JUST ONE THIMi I
For the past two or three weeks,
cry time I’ve been driving along
e highways, I’ve seen quite a num
jr of small trucks and carts loaded
iwn with collards.
"Farmers certainly are selling a
of collards this year,” I remarked
A. D. Mac Lean as he and I were
‘icing to Raleigh a few days ago.”
They’re not selling them; they’re
i ving them,’ he corrected me.
then farmers move from one place
another at this time of year they
Variably dig up their collards and
milt them at their new home. It
nsn’t hurt the collards any.”
First time I have ever heard of that.
C the way—in case you happen to
i interested —I might add that Mr.
su Lean has no intention of being
candidate for Governor of North
We’ve had a bad case of Paintitis i
our house during the past few
r, s. It is a disease which at some
sic or another visits practically all
nes. Armed with a large can of
ico and an equally large paint-:
rash, my wife has been retouching |
e of the furniture and fixtures,
und the house. She has been
inting them a bright yellow.
The odor is something terrific. I
tot potatoes, veal chops, biscuits,
fee—everything tastes like Duco.
be glad when the epidemic is
1 saw Terror in its most abject
ni the other day.
I iving from Washington to Wil
ston at a rapid rate of speed. I
! passing a farm-house just as a
jt It* white puppy started to cross
e road. His little legs were just
png. As he approached the middle
i the highway, he looked in my
lection and realized he couldn t
[die it. The yelps he let out were
|e most pitiful. heart-rending
r.imls I ever have heard in all my i
e. The poor little fellow thought he
ie a goner.
I swerved the car so as to miss
tting him. I'll bet he gasped with
Ic f for half an hour. What an ex
g tale he had to tell his mother
a he got back home!
A little accident happened over
Wilson last week that was slightly
was talking to one of the most
■■mirtent business n n in that city
■ during the com-e of conversa-
I mentioned the fact that 1 had
d the Cossack Sin.ers at the
' Carolina Teacher College a
le of weeks before.
How are they??” inquired my
"Unusually good,” I replied. “By
ay; jf you enjoy musical num- j
1 u want to be sure and hear
Curd over at the college.”
When will THEY be there?” he
He was rather ignorant ;J<out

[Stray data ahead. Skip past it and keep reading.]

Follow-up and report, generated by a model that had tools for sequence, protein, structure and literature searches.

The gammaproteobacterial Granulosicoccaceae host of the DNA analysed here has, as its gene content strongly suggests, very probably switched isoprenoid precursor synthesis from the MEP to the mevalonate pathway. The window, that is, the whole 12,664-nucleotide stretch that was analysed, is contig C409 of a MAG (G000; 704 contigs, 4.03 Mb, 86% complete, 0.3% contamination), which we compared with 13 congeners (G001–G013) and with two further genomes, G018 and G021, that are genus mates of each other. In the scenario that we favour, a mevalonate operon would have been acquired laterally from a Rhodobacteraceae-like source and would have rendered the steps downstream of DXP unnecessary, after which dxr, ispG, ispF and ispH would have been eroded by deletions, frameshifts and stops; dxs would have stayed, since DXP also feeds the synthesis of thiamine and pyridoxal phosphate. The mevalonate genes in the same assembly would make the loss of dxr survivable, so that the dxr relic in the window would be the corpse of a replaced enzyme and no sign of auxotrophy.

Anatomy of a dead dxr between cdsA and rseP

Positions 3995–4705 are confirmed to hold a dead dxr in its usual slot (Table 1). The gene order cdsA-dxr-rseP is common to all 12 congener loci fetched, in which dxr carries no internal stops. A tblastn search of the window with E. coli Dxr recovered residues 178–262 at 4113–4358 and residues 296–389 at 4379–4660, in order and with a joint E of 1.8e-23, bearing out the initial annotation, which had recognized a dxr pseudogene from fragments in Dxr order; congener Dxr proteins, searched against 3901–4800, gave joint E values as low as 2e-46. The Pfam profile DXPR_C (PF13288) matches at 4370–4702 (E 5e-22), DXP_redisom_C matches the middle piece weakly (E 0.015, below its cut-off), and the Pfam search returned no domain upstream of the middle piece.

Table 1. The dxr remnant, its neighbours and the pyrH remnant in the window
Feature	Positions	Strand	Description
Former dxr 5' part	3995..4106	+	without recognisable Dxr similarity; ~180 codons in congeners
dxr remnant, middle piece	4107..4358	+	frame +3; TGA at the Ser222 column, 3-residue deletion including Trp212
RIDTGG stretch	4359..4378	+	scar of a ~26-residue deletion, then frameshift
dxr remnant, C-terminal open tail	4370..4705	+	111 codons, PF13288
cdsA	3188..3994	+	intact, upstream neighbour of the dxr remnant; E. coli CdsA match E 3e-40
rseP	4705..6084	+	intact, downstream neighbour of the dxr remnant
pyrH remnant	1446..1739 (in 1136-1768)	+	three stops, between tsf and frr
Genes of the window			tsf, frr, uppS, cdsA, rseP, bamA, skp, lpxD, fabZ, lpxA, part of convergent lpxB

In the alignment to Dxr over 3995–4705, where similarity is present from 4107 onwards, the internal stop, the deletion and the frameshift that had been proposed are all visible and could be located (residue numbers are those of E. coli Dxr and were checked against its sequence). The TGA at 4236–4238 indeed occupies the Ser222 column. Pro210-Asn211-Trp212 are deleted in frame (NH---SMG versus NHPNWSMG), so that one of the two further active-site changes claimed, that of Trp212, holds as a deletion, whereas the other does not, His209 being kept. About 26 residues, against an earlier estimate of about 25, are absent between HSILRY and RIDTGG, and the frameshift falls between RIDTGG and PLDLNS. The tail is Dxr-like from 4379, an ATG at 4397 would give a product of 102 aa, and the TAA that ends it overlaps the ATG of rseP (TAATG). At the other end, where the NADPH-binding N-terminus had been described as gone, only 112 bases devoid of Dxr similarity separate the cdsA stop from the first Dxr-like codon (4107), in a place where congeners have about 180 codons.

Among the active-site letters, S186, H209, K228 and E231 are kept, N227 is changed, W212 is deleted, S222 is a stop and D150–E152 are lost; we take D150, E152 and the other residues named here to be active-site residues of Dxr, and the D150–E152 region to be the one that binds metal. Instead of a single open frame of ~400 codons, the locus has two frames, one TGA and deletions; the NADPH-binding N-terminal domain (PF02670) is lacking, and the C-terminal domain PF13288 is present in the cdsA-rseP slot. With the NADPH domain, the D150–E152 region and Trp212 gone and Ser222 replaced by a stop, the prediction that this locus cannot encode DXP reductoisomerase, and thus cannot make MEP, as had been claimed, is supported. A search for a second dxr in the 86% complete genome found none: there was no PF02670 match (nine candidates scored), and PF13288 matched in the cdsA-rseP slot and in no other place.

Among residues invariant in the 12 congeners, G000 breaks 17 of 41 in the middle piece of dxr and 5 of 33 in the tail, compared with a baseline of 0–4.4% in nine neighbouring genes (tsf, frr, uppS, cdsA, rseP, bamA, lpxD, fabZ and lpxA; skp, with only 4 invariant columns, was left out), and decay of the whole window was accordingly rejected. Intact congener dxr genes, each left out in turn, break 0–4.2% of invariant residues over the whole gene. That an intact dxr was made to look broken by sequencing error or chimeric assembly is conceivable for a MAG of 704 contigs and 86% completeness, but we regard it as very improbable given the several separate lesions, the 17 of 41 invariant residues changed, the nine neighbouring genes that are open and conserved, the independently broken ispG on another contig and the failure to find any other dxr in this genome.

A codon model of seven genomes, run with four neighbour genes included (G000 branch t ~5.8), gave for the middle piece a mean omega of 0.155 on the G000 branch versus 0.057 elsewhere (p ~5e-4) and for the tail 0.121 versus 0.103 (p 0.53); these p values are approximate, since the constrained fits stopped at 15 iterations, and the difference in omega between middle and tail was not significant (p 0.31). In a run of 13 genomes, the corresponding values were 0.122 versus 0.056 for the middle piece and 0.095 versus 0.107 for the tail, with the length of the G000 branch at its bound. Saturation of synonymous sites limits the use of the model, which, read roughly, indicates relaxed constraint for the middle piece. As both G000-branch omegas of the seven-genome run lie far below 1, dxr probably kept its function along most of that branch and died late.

hical facts. Just as ignorant as I
* ;d to be about jewelry in New
a City last winter,
thought it would be mighty nice
11 ought back a little present for'
wife. A dinner ring impressed me
■ iag an ideal gift.
’'axu rally, when I thought of j
'dry. I thought of Tiffany’s, so
ffany’s I went. Three ambassa
a couple of consuls and perhaps
1 or five senators came forward
i ieet me.
‘ would like to look at some
ner rings,” i informed them,
ereupon I was escorted to the din
-ring department, where another
basKador awaited me.
‘ A dinner ring.” I explained. And
ns an afterthought, I added;
her modest in price, if yo J
Fe brought forth several trays
mgs. I picked up one at random.
ovv much is this, I asked?”
•Nine hundred dollars,” he re
i •! bet folks in the next depart
in' heard me panting for breath.
Have .you anything lower in
indeed!” he responded, I
"T® Ms eyebrows and looking
die* scornfully at me through his |
©hr Zebulon tßrnuit
MR. HAMELS HURT.
Josephus Daniels, editor of ti.«.
News and Observer, had his wrist
fractured, a three-inch cut on his
forehead and other cuts and bruises,
in an automobile accident in Atlanta,
The car in which he was riding was
side-swiped by a smaller car, and
forced down an embankment into a
At IHTORII M ( ORNKR STONE
The corner stone laying of the new
city auditorium, Raleigh, will be held
!on Tuesday, Jan. 19, Robt. E. Lee’s
; birthday. Col. Fred Olds is busy col
lecting the objects to be placed in the
the stone. Preceding the laying of
the stone, there will be a parade with!
the American Legion, the R. O. T. C.
|of State College, National Guard.
Boy Scouts, school children and oth
ers taking part.
Mrs. J. F. McGill and J. Maylon
Norris were given prison sentences of
from two to five years by Judge De
vin in Wake Superior court, Wednes
day. The house occupied in Raleigh
by Mrs. McGill was filled with all
kinds of stolen goods. Two others in
volved in the thefts have not been